Meanwhile, Cathy has become a prostitute at the most respectable brothel in the city of Salinas. She renames herself "Kate Albey" and embarks on a devious – and successful – plan to ingratiate herself with the madam, murder her, and inherit the business. She makes her new brothel infamous as a den of sexual sadism.
Samuel finally dies of old age, but not before revealing his knowledge of Cathy's whereabouts. Hamilton is mourned by the entire town. After the funeral, Adam visits Kate at the brothel, to determine for himself that Hamilton's disclosure of Cathy's new life is true. Adam realizes that this woman who runs the brothel is indeed his wife. Kate renounces him and the entire human race, and shows him pictures of the brothel's customers, all pillars of the community. Adam finally sees her for what she is and pities her, leaving Kate to hate him.
Adam's sons, Caleb ("Cal") and Aron – echoing Cain and Abel – grow up oblivious of their mother's situation. They are opposites: Aron is virtuous and dutiful, Cal wild and rebellious. At a very early age, Aron meets a girl, Abra Bacon, who is from a well-to-do family, and the two fall in love. Although there are rumors around town that Cal and Aron's mother is not dead but is actually still in Salinas, the boys do not yet know that she is Kate.
Inspired by Samuel's inventiveness, Adam starts an ill-fated business venture and loses almost all of the family fortune. The boys, particularly Aron, are horrified that their father is now the town laughingstock and are mocked by their peers for his failure.
As the boys reach the end of their school days, Cal decides to pursue a career in farming, and Aron goes to college to become an Episcopal priest. Cal, restless and tortured by guilt about his very human failings, shuns everyone around him and takes to wandering around town late at night. During one of these ramblings, he discovers that his mother is alive and the madam of a brothel. He goes to see her, and she spitefully tells him they are just alike. Cal replies that she is simply afraid and leaves.
Cal decides to "buy his father's love" by going into business with Samuel's son Will, who is now a successful automobile dealer. Cal's plan is to make his father's money back, capitalizing on World War I by selling beans grown in the Salinas Valley to nations in Europe for a considerable premium. He succeeds beyond his wildest expectations and wraps up a gift of $15,000 in cash which he plans to give to Adam at Thanksgiving.
Aron returns from Stanford University for the holiday. There is tension in the air, because Aron has not yet told their father that he intends to drop out of college. Rather than let Aron steal the moment, Cal gives Adam the money at dinner, expecting his father to be proud of him. Adam refuses to accept it, however, and tells Cal to give it back to the poor farmers he exploited.
Adam explains by saying,
I would have been so happy if you could have given me – well, what your brother has – pride in the thing he's doing, gladness in his progress. Money, even clean money, doesn't stack up with that.
In a fit of rage and jealousy, Cal takes Aron to see their mother, knowing it will be a shock to him. Sure enough, Aron immediately sees Kate for who she is and recoils from her in disgust. Wracked with self-hatred, Kate signs her estate over to Aron and commits suicide.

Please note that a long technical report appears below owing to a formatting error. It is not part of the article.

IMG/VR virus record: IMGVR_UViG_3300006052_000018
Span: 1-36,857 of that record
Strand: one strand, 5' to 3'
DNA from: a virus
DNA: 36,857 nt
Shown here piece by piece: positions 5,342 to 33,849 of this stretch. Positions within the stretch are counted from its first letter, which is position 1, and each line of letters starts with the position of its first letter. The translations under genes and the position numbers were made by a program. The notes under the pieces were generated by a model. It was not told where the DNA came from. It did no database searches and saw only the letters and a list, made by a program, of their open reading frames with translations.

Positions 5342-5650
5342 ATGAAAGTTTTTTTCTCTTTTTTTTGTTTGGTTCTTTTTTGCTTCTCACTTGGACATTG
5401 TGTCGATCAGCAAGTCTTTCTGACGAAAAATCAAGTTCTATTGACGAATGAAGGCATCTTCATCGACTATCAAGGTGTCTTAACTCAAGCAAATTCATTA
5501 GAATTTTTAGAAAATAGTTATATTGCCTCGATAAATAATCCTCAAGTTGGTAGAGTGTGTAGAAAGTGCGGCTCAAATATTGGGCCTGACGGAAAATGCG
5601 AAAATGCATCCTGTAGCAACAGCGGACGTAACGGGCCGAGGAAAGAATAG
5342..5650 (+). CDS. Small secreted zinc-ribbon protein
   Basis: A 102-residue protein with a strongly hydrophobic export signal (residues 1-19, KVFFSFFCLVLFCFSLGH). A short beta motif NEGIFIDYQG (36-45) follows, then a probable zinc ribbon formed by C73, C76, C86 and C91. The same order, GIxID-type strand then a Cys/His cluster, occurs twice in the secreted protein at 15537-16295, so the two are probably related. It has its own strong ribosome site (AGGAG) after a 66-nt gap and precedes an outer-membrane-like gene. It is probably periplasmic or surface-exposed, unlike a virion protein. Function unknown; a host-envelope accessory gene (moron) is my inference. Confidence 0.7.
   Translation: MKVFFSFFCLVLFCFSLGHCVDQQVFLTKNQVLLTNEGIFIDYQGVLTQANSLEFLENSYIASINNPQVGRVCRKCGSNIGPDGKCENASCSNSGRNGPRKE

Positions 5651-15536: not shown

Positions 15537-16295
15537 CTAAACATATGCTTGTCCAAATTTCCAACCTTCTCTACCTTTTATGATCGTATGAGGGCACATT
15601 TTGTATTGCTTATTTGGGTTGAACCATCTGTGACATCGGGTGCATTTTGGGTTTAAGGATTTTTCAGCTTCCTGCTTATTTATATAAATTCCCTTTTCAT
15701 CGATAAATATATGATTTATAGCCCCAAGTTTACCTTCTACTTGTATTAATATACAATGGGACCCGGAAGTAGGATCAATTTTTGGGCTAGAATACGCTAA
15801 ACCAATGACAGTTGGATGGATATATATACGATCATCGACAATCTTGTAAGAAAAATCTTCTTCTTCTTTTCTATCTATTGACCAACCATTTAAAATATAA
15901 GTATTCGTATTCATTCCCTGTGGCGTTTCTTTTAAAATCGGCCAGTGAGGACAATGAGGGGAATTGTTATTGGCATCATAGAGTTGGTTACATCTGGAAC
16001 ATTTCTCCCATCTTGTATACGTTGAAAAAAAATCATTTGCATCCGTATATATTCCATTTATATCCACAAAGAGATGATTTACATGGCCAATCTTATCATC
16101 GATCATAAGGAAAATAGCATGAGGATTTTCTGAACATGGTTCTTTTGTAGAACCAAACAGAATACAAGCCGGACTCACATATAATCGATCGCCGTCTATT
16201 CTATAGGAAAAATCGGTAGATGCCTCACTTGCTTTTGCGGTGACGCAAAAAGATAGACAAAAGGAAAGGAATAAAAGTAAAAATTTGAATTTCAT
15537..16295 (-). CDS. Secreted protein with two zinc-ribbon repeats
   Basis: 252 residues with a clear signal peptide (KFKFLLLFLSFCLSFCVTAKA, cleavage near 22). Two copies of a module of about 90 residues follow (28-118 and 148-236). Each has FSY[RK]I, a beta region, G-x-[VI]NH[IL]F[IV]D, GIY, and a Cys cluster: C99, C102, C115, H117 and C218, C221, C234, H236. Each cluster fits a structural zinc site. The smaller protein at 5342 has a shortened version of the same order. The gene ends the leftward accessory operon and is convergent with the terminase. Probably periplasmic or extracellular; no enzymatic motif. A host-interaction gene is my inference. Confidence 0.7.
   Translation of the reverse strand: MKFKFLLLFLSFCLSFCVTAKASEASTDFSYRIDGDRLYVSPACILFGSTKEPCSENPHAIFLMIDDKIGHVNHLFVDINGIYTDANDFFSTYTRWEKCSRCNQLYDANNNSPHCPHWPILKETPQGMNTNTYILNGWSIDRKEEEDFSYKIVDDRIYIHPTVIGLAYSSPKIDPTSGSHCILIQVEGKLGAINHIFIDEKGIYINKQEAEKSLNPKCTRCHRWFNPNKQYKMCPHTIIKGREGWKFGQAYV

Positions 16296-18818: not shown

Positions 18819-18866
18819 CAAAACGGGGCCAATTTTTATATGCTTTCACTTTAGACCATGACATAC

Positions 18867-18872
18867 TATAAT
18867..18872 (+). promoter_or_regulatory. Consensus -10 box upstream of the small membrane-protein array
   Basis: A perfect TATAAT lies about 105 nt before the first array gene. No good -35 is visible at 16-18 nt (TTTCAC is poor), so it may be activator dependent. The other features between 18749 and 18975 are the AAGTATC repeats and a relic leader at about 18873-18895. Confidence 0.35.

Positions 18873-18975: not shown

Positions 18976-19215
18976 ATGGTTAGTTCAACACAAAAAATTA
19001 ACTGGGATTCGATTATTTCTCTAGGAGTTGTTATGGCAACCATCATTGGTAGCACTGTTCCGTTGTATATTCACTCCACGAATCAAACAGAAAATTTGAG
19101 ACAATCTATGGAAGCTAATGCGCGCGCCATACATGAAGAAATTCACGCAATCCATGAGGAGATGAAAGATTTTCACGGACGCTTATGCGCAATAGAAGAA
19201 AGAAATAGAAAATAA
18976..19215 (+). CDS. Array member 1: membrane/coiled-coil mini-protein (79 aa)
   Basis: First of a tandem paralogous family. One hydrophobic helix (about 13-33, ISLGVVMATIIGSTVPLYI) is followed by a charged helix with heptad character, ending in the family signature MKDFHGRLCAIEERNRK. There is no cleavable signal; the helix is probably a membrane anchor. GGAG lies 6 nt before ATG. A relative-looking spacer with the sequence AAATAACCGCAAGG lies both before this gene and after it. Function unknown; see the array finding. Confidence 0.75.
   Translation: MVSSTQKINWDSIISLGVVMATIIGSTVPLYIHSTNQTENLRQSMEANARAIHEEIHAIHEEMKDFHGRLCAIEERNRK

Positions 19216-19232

Aron, his idealistic worldview shattered, enlists in the Army to fight in World War I. He is killed in battle in the last year of the war, and Adam suffers a stroke upon hearing the news from Lee. Cal, who began a relationship with Aron's idealised girlfriend, Abra Bacon, after Aron went to war, tries to convince her to run away with him. She instead persuades him to return home.
The novel ends with Lee pleading with a bedridden and dying Adam to forgive his only remaining son. Adam responds by forgiving Cal nonverbally and then saying the word timshel, giving Cal the choice to break the cycle and conquer sin.
The book explores themes of depravity, beneficence, love, the struggle for acceptance and greatness, the capacity for self-destruction, and of guilt and freedom. It ties these themes together with references to and many parallels with the biblical Book of Genesis (especially Genesis Chapter 4, the story of Cain and Abel).
Steinbeck's inspiration for the novel comes from the fourth chapter of Genesis, verses one through sixteen, which recounts the story of Cain and Abel. The title East of Eden was chosen by Steinbeck from Genesis, Chapter 4, verse 16: "And Cain went out from the presence of the Lord, and dwelt in the Land of Nod, on the east of Eden" (King James Version).
Other biblical parallels in the novel include:
|Book of Genesis, Cain and Abel||East of Eden, Charles and Adam||East of Eden, Caleb and Aron|
|Cain is a "tiller of the ground"; Abel is a "keeper of sheep" (Gen. 4:2, KJV).||Charles is a farmer who works diligently even after he inherits considerable wealth from his father, Cyrus.||Caleb invests in bean crops. Aron studies to become a priest (who are commonly compared with shepherds).|
|God rejects Cain's gift of crops in favor of Abel's lamb (Gen. 4:3, KJV).||Cyrus prefers the gift from his son Adam (a stray puppy he found) over the gift from his other son Charles (a hard-earned expensive knife).||Adam rejects his son Cal's money and would rather he led a good life like Aron.|